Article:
An Antiquarian's Tale, Issue 170

Clinton Howell Antiques - February 28, 2022 - Issue 170

An Appreciation of English Antique Furniture

A semi biographical journey of my life in the English Decorative Arts

Knole House in Kent is a storied property, the first known house on the site built in the mid 15th century. The number of historical characters that visited or were involved in the property over the years makes for an interesting read given its almost six hundred year history. I first visited Knole with my class from the London College of Furniture in the fall of 1972. One of the students in the class was married to a Sackville descendant, the owners of Knole for the last four hundred plus years, and we received special attention on arriving at the house meaning that we could jump the ropes and look under things. The house is capacious as it is an amalgamation of earlier incarnations of the house, meaning that it was added to and enlarged over time. The early date of the house is physically visible, however, when you see the enormous wide oak floor boards in some of the rooms. Resources such as timber, you have to remember, belonged to the crown so the cutting of what must have been a fair number of mature oak trees for flooring either connotes a special relationship with the monarch or the ability to finagle in some manner a valuable resource that many would not have access to--either locally or from abroad. At one point, three successive Archbishops of Canterbury lived at Knole so that might be one explanation.

The relationship that the Crown had with the peerage has always been transactional. A well run property, one that capitalized on the land through land and animal husbandry was always cultivated as an ally. The King or Queen would visit the properties, often for extended stays where the entourage would be provided for in every manner possible--Henry VIII loved to ride to the hunt, for example and the estate at Knole was large enough for such pastimes. The landowner who was visited was caught between two extremes as on the one hand, he had to provide for the visitors and curry the favor of the monarch and on the other he couldn't overplay the success of the estate as the monarch could choose to take whatever he felt entitled to. But there were limitations and things also worked in the opposite manner. And in the case of Knole, it has resulted in an almost unprecedented collection.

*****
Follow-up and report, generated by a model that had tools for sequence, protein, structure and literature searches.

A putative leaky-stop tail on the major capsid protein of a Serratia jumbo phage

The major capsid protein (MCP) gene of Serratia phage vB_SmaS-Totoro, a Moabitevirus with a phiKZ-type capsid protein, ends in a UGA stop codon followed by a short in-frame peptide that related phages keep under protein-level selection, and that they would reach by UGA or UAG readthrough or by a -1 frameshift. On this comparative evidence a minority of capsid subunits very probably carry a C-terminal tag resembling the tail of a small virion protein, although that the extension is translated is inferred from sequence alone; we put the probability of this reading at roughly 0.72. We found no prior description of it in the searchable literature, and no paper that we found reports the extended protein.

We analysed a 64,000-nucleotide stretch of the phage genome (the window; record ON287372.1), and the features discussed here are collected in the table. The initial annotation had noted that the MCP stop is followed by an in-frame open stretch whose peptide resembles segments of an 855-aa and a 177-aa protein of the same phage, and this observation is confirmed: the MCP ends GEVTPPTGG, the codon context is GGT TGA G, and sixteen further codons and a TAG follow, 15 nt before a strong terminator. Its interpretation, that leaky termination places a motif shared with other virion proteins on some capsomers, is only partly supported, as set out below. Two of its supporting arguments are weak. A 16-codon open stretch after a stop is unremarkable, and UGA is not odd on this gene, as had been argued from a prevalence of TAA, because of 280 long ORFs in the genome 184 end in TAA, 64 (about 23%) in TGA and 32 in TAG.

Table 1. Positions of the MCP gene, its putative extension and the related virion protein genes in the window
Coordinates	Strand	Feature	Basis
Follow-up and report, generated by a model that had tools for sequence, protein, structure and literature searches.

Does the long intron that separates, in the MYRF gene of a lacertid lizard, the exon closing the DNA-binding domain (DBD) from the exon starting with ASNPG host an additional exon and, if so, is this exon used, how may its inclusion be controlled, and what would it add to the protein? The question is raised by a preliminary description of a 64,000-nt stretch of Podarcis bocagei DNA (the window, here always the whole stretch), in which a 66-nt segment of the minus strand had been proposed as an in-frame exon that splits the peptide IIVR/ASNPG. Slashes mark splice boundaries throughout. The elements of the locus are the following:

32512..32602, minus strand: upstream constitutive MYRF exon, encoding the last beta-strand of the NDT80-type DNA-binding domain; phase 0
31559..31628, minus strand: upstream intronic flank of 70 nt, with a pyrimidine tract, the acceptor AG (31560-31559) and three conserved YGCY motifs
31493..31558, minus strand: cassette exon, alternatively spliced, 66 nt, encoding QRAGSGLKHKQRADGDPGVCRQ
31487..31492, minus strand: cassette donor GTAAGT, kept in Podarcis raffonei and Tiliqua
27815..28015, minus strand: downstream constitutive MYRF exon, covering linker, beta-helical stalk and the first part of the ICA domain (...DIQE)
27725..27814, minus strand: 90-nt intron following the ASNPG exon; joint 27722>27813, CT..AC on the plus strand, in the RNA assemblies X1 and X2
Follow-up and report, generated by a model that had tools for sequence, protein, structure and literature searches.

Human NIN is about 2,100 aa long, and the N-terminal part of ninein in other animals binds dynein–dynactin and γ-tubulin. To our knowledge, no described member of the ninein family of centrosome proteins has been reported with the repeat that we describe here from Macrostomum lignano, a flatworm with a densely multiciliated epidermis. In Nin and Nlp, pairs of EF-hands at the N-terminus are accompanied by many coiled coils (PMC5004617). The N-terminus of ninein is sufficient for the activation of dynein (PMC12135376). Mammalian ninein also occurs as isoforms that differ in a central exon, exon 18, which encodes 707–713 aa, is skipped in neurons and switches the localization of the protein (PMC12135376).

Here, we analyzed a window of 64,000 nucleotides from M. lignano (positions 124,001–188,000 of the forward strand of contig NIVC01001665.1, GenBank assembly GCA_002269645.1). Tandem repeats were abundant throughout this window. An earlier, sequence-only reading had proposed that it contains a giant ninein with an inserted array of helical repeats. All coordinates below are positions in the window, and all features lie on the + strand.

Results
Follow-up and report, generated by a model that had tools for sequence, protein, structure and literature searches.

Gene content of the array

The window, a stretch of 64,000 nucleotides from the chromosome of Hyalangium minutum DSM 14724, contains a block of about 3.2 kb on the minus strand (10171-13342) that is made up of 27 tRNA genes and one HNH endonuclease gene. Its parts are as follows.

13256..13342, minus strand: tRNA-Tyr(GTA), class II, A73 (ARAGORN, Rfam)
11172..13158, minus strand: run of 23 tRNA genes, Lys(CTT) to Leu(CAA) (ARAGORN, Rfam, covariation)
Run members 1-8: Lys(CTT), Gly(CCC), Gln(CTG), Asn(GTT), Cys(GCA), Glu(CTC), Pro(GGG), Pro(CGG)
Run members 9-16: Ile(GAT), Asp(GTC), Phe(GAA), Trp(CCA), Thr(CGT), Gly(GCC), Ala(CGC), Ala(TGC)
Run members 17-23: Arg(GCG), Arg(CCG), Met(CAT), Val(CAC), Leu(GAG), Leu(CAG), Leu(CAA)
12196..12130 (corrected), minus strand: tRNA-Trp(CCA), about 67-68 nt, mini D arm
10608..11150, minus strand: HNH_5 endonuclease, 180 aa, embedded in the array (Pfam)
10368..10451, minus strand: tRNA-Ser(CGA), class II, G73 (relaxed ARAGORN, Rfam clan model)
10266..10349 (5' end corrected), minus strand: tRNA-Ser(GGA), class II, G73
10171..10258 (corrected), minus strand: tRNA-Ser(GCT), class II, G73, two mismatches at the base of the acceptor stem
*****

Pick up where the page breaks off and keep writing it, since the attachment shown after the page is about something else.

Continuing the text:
As it happens, one ancestor, Lionel Cranfield, not a Sackville but the father of a Sackville bride, was Lord Treasurer and Master of the Wardrobe to James I, and he amassed a large collection of furniture and tapestries which eventually made it to Knole. Further, Cranfield's grandson, Charles Sackville was Lord Chamberlain to William and Mary and was entitled to take any of the royal furniture deemed out of date or out of fashion. Knole, therefore is a testament to 17th century English furniture making and has a collection that is rare, given how tumultuous 17th century England was. To wit, the eponymous Knole sofa, known for the sides that can fold down, that dates circa 1635 and which has been reproduced thousands of times and continues to be extraordinarily popular, is still in the same house it was made for. So, too, is the very rare silver furniture made by Gerrit Jensen, an Anglo-Dutch cabinetmaker known best for his inlaid furniture. And there is lots more--the Sackvilles deserve credit for keeping it all--a lot of families didn't. Which reminds me that I should go back again as my last visit was in 1975 and Wikipedia is good but not the real thing.